After standout spring, JSN primed to be ‘massive piece’ of Seahawks’ offense

Jun 12, 2024, 8:21 PM | Updated: Jun 13, 2024, 8:07 am

Seattle Seahawks Jaxon Smith-Njigba OTAs 2024...

Seattle Seahawks receiver Jaxon Smith-Njigba catches a pass during an OTA practice on June 3. (Steph Chambers/Getty Images)

(Steph Chambers/Getty Images)

While reflecting on his up-and-down rookie campaign last year, Seattle Seahawks wide receiver Jaxon Smith-Njigba said it felt a bit like his freshman season at Ohio State.

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“I feel like it was a good foundation,” Smith-Njigba said prior to Wednesday’s minicamp practice. “I can grow from it. A lot of growing pains. A lot of ups and downs. But you know, kind of similar (to my) first years in college and in high school – kind of the same thing.”

If that’s the case, watch out.

As a freshman at Ohio State during the COVID-shortened 2020 season, Smith-Njigba had just 10 catches for 49 yards and a touchdown in seven games, while taking a back seat to fellow first-round NFL Draft picks Garrett Wilson and Chris Olave.

The following year, with Wilson and Olave still in the fold, Smith-Njigba exploded onto the scene as one of the nation’s best receivers. Smith-Njigba finished third in the FBS with 1,606 yards receiving, including a Rose Bowl-record 347 yards and three TDs in one of the more spectacular individual performances in recent college football history.

Could he be headed toward another Year 2 breakout – this time at the NFL level?

“JSN is a great player and expecting big things out of him,” new Seahawks coach Mike Macdonald said during OTAs last month. “He’s had a great offseason, works his tail off, his practice habits are awesome, movement ability is pretty elite. So I think we have a really cool plan for him.”

With a brand-new scheme under first-year offensive coordinator Ryan Grubb and a full season of pro experience under his belt, Smith-Njigba has been a prime candidate to make a second-year leap. And during the Seahawks’ offseason program, he’s certainly looked the part.

The 6-foot, 202-pound wideout has been one of the stars of OTAs and minicamp, where he’s showcased his smooth route-running, great hands and a seemingly growing rapport with veteran quarterback Geno Smith. During one OTA practice, with star receiver DK Metcalf not in attendance, Smith-Njigba hauled in a handful of touchdown passes from Smith during red-zone drills.

“I think just having a whole season with Geno, going into year two, our communication is better,” Smith-Njigba said. “… Just our communication and what he wants from me is more clear than ever. And me, being a year two guy, we had a talk yesterday where I can use my voice and tell him, ‘Hey, this is what I’m seeing.’ And I just think that comes with time and growth. And it’s been great so far. Just want to build on that and be the best we can.”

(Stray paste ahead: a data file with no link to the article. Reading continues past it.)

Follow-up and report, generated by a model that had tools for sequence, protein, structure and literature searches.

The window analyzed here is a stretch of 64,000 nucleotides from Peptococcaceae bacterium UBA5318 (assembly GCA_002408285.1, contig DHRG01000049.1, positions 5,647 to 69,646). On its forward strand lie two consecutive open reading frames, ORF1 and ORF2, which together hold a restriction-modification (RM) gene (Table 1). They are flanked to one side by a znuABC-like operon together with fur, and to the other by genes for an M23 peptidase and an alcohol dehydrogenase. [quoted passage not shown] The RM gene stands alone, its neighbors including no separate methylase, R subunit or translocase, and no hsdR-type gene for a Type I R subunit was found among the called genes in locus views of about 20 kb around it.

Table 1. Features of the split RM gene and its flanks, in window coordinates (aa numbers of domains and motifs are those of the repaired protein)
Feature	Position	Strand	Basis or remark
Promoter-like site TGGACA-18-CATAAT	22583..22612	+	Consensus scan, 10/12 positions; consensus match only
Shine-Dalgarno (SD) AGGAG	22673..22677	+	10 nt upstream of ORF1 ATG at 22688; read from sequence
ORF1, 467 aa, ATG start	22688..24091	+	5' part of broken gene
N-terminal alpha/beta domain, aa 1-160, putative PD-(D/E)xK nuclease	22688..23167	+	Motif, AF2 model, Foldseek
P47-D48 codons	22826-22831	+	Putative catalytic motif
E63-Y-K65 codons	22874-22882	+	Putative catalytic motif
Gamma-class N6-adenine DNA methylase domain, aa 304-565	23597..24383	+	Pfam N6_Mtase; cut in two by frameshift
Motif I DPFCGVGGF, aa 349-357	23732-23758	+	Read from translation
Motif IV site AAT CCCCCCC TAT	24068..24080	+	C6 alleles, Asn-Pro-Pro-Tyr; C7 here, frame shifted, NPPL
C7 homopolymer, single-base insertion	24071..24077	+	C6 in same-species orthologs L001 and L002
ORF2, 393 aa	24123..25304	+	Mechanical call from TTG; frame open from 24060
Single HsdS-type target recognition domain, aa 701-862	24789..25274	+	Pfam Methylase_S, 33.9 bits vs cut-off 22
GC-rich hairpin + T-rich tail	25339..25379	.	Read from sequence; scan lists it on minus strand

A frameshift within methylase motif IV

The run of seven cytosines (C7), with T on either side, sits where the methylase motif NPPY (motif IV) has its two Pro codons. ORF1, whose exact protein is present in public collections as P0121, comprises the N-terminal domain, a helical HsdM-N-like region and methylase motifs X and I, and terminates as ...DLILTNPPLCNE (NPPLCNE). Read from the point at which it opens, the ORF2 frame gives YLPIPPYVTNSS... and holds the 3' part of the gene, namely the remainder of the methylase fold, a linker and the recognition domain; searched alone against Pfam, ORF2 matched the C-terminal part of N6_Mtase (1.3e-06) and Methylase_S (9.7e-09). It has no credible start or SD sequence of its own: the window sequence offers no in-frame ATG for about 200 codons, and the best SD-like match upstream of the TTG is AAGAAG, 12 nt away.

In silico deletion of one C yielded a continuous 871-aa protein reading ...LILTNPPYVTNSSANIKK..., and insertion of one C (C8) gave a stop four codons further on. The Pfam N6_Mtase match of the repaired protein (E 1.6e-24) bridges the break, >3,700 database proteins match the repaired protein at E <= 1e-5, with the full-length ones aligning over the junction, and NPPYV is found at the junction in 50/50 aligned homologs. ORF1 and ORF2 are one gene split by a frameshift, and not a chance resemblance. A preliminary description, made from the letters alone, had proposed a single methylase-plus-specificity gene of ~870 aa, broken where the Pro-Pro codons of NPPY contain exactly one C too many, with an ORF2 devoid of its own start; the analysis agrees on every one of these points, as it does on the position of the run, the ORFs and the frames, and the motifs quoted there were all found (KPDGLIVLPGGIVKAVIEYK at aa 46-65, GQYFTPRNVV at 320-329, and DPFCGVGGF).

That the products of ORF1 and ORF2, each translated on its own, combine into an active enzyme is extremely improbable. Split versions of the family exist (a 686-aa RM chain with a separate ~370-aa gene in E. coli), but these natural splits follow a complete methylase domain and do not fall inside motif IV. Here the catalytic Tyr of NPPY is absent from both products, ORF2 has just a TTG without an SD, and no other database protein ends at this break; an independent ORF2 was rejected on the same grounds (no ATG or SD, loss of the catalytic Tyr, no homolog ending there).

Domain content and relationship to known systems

After a hamstring injury limited him to just three games with Ohio State in 2022, Smith-Njigba was also limited for part of last year’s OTAs. He then suffered a fractured wrist during the preseason, which led to him playing with a brace for the first four games of the regular season last fall. He got off to a slow start, totaling just 62 yards receiving in those four games.

Smith-Njigba rebounded to have a decent rookie campaign, finishing with 63 catches for 628 yards and four TDs. He came through in a pair of big moments, hauling in game-winning TDs in the final minute against the Cleveland Browns and Philadelphia Eagles. But he never quite had a big breakout performance, with a season high of just 63 receiving yards.

“Last year, just not making the playoffs and not winning as many games as we wanted to, that didn’t sit well with me,” Smith-Njigba said. “And so I’m looking for change this year.”

One big change is Grubb’s scheme. Grubb comes across town from Montlake after a success-filled two-year stint as the offensive coordinator at UW, where he oversaw a high-flying passing attack that featured a trio of wideouts who were top-100 picks in April’s NFL draft.

The Seahawks, of course, have a talented receiving trio of their own in Metcalf, Tyler Lockett and Smith-Njigba. With the new scheme, there’s optimism that Grubb can unlock Smith-Njigba and the offense as a whole.

“It’s looking explosive,” Smith-Njigba said. “I love it so far. … A lot of motions, a lot of just putting us in the right position to make plays. We’re rocking and rolling right now.”

Smith-Njigba played predominantly in the slot last season, but he also had success when lined up outside – most notably when he caught his game-winning 29-yard TD pass against the Eagles in Week 15.

“He’s just a hard cover, man,” Macdonald said. “He can play outside (or) inside, and Grubb does a great job of moving guys around and finding some matchups. His lower-body power and flexibility and being able to accelerate and obviously just having great hands and being able to track the ball is pretty impressive.”

Smith-Njigba left Wednesday’s final minicamp practice early with a shoulder issue. “He nicked his shoulder a little bit, so we just played it safe,” Macdonald said. But after what Smith-Njigba has shown in recent weeks, it appears that will only be a blip in a standout spring.

The hope is that it carries into the fall.

“He’s a guy that we can focus our offense around, along with other guys,” Macdonald said. “… He’s definitely gonna be a massive piece of what we’re trying to do offensively.”

More Seattle Seahawks coverage

• Are LB injuries a concern for Seahawks? A look at where things stand
• Jake Bobo: New Seahawks OC Grubb is moving all the WRs around
• DK Metcalf excited for Seahawks’ future under Mike Macdonald
• An update on Seahawks injury news as minicamp begins
• Seattle Seahawks to have rare joint practices with another NFL team



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